Health Resources and Services Administration, HHS.
Notice of availability of funds.
The Health Resources and Services Administration (HRSA) announces the availability of up to $40 million to assist communities and their safety net providers in developing integrated health care delivery systems that serve the uninsured and underinsured with greater efficiency and improved quality of care. This funding is part of the $125 million appropriated for the Community Access Program (CAP) under the FY 2001 HHS Appropriations Act, of which $8.4 million is allocated for special projects and Agency-wide programmatic investments. For those applications that were approved, but not funded in FY 2000, approximately $56 million will be made available pending the results of their validation site visits. The remaining $20 million will be made available later in the fiscal year in the form of grants to new communities or in the form of supplemental/expansion awards to FY 2000 grantees.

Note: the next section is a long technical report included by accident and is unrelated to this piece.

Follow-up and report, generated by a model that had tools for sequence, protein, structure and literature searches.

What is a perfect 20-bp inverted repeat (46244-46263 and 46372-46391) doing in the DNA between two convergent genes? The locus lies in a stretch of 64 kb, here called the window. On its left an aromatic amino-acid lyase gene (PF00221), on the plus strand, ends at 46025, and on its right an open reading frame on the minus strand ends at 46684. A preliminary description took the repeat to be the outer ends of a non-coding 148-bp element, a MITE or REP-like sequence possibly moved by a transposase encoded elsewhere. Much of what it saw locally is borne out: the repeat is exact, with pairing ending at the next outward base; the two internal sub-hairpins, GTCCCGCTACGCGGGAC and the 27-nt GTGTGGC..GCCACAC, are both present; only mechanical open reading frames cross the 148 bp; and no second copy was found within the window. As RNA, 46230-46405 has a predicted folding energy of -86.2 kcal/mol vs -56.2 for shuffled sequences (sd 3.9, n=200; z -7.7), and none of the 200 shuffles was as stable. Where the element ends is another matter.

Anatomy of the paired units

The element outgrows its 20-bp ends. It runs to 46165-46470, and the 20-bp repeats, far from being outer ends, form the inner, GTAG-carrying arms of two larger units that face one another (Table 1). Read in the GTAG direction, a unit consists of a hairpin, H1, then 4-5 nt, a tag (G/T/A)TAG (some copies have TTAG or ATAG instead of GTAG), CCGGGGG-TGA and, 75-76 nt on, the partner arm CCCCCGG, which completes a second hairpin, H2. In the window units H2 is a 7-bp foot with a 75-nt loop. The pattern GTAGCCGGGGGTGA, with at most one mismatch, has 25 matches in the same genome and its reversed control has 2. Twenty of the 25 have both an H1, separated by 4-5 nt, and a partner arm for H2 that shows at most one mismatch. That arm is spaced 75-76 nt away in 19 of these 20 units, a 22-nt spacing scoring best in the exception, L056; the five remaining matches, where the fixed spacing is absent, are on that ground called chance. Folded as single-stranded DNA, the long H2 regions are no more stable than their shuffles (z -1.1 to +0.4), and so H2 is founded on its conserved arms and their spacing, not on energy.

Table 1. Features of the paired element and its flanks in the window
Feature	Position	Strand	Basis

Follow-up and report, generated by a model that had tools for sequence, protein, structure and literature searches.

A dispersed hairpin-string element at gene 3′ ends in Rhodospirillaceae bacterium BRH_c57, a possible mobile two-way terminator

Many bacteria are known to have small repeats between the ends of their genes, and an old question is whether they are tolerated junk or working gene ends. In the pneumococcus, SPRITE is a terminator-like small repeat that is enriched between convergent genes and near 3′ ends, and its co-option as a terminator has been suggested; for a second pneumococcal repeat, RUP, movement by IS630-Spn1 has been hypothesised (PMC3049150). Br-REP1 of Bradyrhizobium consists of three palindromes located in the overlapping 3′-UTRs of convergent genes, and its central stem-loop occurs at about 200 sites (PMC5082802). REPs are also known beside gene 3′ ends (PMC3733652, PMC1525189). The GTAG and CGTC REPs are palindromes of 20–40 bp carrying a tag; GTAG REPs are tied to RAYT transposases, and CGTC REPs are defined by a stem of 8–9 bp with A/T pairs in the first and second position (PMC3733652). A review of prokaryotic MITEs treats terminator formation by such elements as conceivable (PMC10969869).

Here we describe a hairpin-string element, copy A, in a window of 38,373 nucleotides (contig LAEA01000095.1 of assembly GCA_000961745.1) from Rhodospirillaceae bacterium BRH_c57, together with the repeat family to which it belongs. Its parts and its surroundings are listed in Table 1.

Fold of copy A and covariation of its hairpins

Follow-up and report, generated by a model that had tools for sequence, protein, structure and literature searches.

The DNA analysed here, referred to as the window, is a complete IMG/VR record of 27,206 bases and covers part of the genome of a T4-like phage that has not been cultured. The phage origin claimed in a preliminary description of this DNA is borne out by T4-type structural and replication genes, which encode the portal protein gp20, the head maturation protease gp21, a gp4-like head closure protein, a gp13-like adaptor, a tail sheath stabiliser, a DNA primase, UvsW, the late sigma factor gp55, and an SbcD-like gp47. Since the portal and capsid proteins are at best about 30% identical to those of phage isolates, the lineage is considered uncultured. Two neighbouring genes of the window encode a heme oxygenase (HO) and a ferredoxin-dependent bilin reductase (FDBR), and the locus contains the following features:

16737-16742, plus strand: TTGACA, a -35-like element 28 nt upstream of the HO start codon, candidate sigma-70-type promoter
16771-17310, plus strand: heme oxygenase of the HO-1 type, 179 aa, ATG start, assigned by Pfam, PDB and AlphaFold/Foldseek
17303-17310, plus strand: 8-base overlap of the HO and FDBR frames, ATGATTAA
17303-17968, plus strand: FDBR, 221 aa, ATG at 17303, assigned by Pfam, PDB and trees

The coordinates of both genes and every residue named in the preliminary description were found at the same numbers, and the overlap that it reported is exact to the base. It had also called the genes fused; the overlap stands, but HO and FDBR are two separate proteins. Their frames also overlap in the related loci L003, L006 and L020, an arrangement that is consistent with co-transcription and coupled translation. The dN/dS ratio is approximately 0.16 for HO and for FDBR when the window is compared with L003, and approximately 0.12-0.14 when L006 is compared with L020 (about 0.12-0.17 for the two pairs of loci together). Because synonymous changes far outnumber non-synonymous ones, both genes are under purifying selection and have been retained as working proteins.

In FY 2000, DHHS provided about $23 million in funding for 23 communities for infrastructure development. In FY 2001, HRSA will provide grants to about 50 more communities which were approved but not funded in the FY 2000 application cycle. FY 2001 funding will also be used to support up to 40 additional communities to further their development of integrated delivery systems for the uninsured and underinsured. Grants will vary in size, based on the scope of the project and the size of the service area, and will be for one year.
Through this program, HRSA will support infrastructure development in communities that have already begun to reorganize and integrate their health care delivery systems. Funding described in this notice is not intended to support those communities that have not yet begun the planning and development of necessary organizational structure.